The Internet Must Be Defended (3): Everything is Terrorism?

One of the most ominous developments in the current conflict over Wikileaks has been the move in some quarters to define the publication of leaked information as something more than just ‘irresponsible’ or ‘criminal’ (e.g. ‘theft’ or even ‘espionage’). I have a lot of difficulty with those kinds of labels anyway, but it was only a matter of time before we saw serious, official calls for such activities to be defined as ‘terrorism’.

The Speaker of the Hungarian Parliament, Laszlo Kover, yesterday called for the action of leaking confidential and secret information to be redefined as ‘information terrorism’. He seemed to be referring here not just to Wikileaks but to all ‘online news reporting’, in other words, he is advocating treating those who report on such information as ‘terrorists’ too.

Terrorism, let us not forget, is the use of violence to influence politics, in other words to impose one’s political will through fear of death or injury. There is no way in the world that one can argue rationally that releasing information that allows people to see what happens inside the organisations making claims to rule over us, or act on our behalf, is that kind of violence, indeed it is highly irresponsible to try to associate the term with any processes of nonviolent communication.

The problem is that to many people this probably doesn’t seem unreasonable – people already talk about ‘information war’ as if that meant something clear and comprehensible. But this kind of action would be to extend the definition of terrorism, already stretched to breaking point by legislative changes in the USA, UK and other western countries, into the realm of freedom of speech and the politics of transparency and accountability.

Since 9/11, we have seen a gradual movement, at first indirect and associational as with John Robb’s talk of the ‘open-source insurgency’ back in 2005, and now increasingly overt, to define the advocates of openness and transparency as terrorists. This must be resisted before it takes root in any kind of legislation because ultimately this means that the Internet itself, the communications architecture which supports such activity, is portrayed as the vehicle for such ‘information terrorism.’ This will simply increase the movement of the drive to close the Net away from a crazy, fascistic notion (which it is) towards ‘common-sense.’ It will stifle the development of any genuine global polity.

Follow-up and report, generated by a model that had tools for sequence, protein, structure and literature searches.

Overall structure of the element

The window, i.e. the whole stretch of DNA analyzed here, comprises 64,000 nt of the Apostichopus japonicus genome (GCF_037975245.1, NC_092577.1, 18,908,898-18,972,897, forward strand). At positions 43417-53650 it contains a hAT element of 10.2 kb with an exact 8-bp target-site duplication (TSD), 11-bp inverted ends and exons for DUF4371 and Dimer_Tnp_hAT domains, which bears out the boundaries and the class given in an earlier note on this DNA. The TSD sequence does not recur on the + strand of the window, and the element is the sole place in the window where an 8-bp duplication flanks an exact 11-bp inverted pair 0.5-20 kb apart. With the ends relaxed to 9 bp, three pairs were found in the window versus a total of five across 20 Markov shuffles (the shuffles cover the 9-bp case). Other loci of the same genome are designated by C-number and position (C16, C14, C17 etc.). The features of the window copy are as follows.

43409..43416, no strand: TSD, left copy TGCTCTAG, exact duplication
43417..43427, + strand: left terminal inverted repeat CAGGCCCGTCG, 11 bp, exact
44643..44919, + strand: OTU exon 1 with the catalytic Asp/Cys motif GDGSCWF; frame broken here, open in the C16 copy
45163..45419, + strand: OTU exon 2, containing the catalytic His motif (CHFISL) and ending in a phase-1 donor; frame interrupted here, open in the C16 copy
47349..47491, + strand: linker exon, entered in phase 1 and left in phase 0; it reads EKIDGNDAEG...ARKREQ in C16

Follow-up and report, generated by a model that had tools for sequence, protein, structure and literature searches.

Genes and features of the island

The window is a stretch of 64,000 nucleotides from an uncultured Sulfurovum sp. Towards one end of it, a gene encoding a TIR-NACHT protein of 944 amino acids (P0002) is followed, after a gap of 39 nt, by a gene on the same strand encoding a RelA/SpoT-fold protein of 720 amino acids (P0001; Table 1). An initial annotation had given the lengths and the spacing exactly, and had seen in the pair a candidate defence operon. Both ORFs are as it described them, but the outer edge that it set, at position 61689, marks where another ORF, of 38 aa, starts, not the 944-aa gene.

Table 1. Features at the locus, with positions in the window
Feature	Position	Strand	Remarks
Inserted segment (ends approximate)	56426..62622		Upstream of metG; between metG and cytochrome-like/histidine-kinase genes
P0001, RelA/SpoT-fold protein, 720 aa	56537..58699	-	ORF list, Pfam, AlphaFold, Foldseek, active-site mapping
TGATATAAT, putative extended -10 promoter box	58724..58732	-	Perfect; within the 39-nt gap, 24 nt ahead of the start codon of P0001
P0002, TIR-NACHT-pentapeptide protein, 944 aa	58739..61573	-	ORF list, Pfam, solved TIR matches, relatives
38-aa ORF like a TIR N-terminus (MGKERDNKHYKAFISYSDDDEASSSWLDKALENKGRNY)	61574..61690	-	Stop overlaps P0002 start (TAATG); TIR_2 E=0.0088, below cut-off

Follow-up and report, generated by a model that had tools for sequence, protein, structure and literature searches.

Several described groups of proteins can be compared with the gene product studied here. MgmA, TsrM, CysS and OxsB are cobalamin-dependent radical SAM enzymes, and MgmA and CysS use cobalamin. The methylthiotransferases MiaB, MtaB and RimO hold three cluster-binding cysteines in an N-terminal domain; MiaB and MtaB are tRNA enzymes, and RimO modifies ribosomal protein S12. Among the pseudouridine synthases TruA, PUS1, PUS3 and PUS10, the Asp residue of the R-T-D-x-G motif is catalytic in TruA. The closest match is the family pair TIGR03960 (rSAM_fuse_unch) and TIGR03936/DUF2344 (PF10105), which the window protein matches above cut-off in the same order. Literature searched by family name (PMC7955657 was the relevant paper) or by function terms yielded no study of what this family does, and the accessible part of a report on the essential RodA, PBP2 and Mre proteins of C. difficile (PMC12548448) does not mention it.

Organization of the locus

What to do? Well the first thing is to respond immediately any time something like this is said by any politician or even commentator. This kind of talk should remain in the realm of the ridiculous and the repressive. We need to change the direction of the discourse.

Author: David

I'm David Murakami Wood. I live on Wolfe Island, in Ontario, and am Canada Research Chair (Tier II) in Surveillance Studies and an Associate Professor at Queen's University, Kingston.

4 thoughts on “The Internet Must Be Defended (3): Everything is Terrorism?”

  1. A comment by a politician I heard today in a news broadcast provides some credence to your article.
    The comment, although I cannot recall the exact wording went something like “There is no need to ask them when the law exists”.

    The freedom of life on the internet, it would appear, will always be at risk of being necessarily compromised in order to achieve some sort of natural order, be that the freedom to question openly and freely without the emotions being used as a means of direction by some other will, or the freedom to directly impose one will upon another by whatever means is available.

    As ways of openly using freely available information in a naturally personal way are practiced (Keywords facilitating internet searching without holding any data.), the emotions will no doubt always be moved into active mode.

    What is clear is that where privacy dies, so does a large element of protection from such mechanisms for a large portion of humanity.

    I do recall some writings (various) about passions/emotions being contained within but not included (This is not the Wittgenstein quote recently enquired about on Philos.L.), as a means of allowing humanity without imposing it. Now that seems a mindset that the internet could have been made for…

  2. I can’t help but think of _The Information Bomb_ by Paul Virilio constantly over this past month of news over Wikileaks, the assessments of world ‘leaders’ of its terroristic element, and the reaction of hackers to attack online institutions that have attempted to thwart Wikileaks. The same infrastructure that has allowed the convenient and efficient domination of the entire informatized world is rapidly falling prey to its subordinates, and its engineers and administrators are reacting by harnessing their apparatus to restrict it from this misuse and to return it to its original intention of the efficient and rational total administration of society. We need not be surprised when the reaction reeks of totalitarianism: it is merely a system asserting its raison d’être. The question is merely a matter of whether it will ever be possible to wrench the system from its administrators and democratize it; a proposition of which I am doubtful, but in attempting this, we will be able to discover if this technical assemblage is determined by its origins. While I have my doubts, I applaud Wikileaks and its defenders for either freeing the internet from its origins on the one hand, or exposing its untenable contradictions on the other. Thanks for yet another informative and thought-provoking blog.

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